Grace's Guide

British Industrial History

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Ystalyfera Iron Co

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of Swansea

Iron Masters

1838 Ystalyfera Iron Works were built

1848 Report J. P. Budd's use of the hot gases, which normally escape from blast furnaces, to provide heating to produce steam for engines in the works.[1]

1849 Report of J. P. Budd's improvements to blast furnaces, to utilise the hot gas from the furnaces as a cheap way of providing the hot blast.[2]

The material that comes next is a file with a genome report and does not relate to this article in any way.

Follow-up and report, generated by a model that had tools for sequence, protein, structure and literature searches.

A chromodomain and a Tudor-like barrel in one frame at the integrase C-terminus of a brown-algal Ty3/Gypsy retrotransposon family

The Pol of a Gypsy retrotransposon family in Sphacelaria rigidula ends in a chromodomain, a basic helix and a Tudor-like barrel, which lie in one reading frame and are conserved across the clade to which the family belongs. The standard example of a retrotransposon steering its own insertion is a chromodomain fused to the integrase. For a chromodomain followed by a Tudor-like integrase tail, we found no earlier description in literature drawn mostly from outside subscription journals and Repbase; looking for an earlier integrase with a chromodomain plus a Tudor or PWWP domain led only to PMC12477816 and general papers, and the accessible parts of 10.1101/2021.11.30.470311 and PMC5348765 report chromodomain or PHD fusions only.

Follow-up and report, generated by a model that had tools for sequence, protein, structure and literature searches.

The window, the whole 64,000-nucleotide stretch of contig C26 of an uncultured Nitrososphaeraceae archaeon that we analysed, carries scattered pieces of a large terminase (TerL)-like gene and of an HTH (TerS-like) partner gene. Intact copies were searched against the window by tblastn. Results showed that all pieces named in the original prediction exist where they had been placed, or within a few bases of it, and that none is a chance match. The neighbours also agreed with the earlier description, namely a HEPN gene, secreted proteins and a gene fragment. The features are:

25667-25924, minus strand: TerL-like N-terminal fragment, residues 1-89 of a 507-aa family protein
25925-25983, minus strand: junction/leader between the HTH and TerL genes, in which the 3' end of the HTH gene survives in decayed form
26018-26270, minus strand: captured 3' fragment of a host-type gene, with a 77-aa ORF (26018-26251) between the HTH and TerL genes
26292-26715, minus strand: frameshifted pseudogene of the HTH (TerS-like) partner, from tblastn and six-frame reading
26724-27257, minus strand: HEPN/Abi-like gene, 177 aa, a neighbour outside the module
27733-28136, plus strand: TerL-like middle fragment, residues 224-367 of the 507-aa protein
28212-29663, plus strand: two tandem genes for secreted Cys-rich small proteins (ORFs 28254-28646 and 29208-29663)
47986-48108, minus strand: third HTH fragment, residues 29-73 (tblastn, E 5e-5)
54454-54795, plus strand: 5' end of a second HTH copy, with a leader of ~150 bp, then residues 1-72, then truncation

1850s Ystalyfera's bank of 11 blast-furnaces was second only to that at Dowlais.

1860s All the anthracite ironworks went into decline from the 1860s

1861 Claimed to be the largest tinplate works in the world, employing 4000 people plus another 1000 in the ore and coal mines belonging to the works [3]. Its bank of eleven blast-furnaces was second only to that at Dowlais.

By 1864 Ystalyfera had only six furnaces in blast. The owner, James Palmer Budd, struggled to keep the works going, both for the sake of the workforce and out of personal pride, but the few remaining furnaces were blown out in 1885.

1867 Exhibited iron at the Paris Exhibition

Tinplate continued to be produced by Ystalyfera Tinplate Co


See Also

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Sources of Information

  1. The Practical Mechanic's Journal, 1848, Vol 1, p.163
  2. The Practical Mechanic's Journal, 1849, pp.12-13
  3. [1] History of Caergurwen